Finally, it should be noted that the grand jury, in denying Secord's request to appear before them and present portions of the immunized testimony of his co-defendants, displayed a clear understanding of the potential consequences of their exposure to immunized testimony and a tenacious desire to avoid such exposure. The transcript reveals that the jurors clearly understood that they must avoid knowledge of immunized testimony, that they would be unable to tell whether or not General Secord was relying on immunized testimony if he could proceed before the jury without guided, precise questioning, and that the foreman had previously advised Associate Independent Counsel in a similar situation that the jury would walk out of the room if immunized testimony was presented. Transcript of January 11, 1988 at 9-13.
In considering the foregoing, it must be emphasized that the immunized testimony taken before the Select Congressional Committees was elicited relatively late and well after the apparent diversion of funds, various cover-up tactics and many other facts relevant and material to the charges in this indictment were known to Independent Counsel. Between January 28, 1987, and April 10, 1987, when the first order granting immunity to a defendant, Hakim, was entered, Independent Counsel issued numerous subpoenas duces tecum for voluminous records and had already presented substantial information to the grand jury. The revealing public report of the Tower Commission had issued and Independent Counsel had had access to interview memoranda, depositions and documents gathered by that inquiry from within the White House and elsewhere. In addition, proceedings before various congressional committees, the House Permanent Select Committee on Intelligence, the Senate Select Committee on Intelligence, the Senate Select Committee on Secret Military Assistance to Iran and the Nicaraguan Opposition, and the House Select Committee to Investigate Covert Arms Transactions with Iran, all relating to aspects of the matter under investigation, had already been held. These proceedings were extensive and informative. General Secord, former National Security Adviser Robert C. McFarlane, Secretary of State George P. Schultz, and Attorney General Edwin Meese III, for example, were among the congressional witnesses who had testified in public before defendant Hakim was compelled to talk.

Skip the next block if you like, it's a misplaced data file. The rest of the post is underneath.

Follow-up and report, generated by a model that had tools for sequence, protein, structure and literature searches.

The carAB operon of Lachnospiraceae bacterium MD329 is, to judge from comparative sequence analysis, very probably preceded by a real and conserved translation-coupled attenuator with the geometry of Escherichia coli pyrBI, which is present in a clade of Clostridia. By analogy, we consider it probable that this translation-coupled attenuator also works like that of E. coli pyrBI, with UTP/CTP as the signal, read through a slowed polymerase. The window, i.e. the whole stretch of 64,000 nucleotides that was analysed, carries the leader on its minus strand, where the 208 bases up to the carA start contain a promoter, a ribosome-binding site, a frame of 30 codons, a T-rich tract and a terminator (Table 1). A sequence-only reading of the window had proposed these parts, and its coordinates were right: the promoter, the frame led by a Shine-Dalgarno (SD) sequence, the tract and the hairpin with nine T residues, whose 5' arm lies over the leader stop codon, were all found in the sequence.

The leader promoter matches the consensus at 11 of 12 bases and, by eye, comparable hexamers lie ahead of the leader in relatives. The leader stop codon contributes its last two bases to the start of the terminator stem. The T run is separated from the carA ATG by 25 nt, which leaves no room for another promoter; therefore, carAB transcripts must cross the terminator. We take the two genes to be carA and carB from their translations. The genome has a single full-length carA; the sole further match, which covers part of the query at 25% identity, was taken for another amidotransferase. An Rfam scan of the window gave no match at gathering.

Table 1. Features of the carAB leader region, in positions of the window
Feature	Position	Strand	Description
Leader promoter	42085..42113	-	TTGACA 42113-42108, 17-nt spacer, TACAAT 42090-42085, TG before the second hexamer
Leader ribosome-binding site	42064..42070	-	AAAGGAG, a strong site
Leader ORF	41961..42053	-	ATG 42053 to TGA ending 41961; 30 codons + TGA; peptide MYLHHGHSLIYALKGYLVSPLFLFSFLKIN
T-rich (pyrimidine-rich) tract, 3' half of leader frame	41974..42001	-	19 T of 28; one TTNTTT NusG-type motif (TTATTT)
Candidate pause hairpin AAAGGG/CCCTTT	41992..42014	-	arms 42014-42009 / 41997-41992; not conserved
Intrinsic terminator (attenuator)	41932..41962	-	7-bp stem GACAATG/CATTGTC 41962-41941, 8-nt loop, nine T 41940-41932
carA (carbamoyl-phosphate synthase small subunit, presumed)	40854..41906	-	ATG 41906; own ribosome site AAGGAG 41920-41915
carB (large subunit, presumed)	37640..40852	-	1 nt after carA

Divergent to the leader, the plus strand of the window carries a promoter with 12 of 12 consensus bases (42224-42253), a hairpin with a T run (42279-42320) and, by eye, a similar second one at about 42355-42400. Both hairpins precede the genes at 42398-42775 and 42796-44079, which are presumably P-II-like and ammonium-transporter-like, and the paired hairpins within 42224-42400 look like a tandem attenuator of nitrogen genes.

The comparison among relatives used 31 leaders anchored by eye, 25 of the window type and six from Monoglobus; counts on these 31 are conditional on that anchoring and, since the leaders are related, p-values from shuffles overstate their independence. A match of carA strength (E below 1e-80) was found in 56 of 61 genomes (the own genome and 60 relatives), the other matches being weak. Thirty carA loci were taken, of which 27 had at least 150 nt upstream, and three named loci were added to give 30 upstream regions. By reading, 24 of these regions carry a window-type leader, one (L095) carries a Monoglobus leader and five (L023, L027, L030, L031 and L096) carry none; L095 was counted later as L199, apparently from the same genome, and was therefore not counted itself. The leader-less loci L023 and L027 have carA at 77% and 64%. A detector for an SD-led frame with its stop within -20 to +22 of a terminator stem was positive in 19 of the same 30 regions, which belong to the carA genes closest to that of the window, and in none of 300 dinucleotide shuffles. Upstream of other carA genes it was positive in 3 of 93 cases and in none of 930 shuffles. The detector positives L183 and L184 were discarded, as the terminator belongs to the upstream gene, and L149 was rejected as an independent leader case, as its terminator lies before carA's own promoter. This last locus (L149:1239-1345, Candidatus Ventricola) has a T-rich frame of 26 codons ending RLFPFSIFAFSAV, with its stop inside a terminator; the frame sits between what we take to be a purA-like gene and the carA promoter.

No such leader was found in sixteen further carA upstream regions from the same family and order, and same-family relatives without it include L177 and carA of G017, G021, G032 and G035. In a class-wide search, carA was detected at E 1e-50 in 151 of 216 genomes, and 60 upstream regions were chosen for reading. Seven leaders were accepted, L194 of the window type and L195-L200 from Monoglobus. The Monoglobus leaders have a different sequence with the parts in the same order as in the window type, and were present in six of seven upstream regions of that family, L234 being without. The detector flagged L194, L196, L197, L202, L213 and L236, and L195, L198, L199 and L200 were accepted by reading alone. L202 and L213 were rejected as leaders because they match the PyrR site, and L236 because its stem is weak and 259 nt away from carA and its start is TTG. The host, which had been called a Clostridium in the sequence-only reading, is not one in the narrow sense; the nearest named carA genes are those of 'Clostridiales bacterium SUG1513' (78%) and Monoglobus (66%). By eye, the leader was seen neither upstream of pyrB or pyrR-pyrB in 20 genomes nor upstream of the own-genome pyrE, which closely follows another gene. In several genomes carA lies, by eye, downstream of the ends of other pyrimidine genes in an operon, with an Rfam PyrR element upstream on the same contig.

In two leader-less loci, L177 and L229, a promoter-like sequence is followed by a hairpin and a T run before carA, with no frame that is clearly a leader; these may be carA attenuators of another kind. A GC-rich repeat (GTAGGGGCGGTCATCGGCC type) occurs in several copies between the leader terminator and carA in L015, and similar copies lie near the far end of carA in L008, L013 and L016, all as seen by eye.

Turning, then, from consideration of the grand jury to an examination of the possibility of exposure of the prosecuting attorneys and their immediate assistants to immunized testimony, there must be noted several administrative steps which were taken by Independent Counsel from an early date to prevent exposure of himself and his associate counsel to any immunized testimony. Prosecuting personnel were sealed off from exposure to the immunized testimony itself and publicity concerning it. Daily newspaper clippings and transcripts of testimony before the Select Committees were redacted by nonprosecuting "tainted" personnel to avoid direct and explicit references to immunized testimony. Prosecutors, and those immediately associated with them, were confined to reading these redacted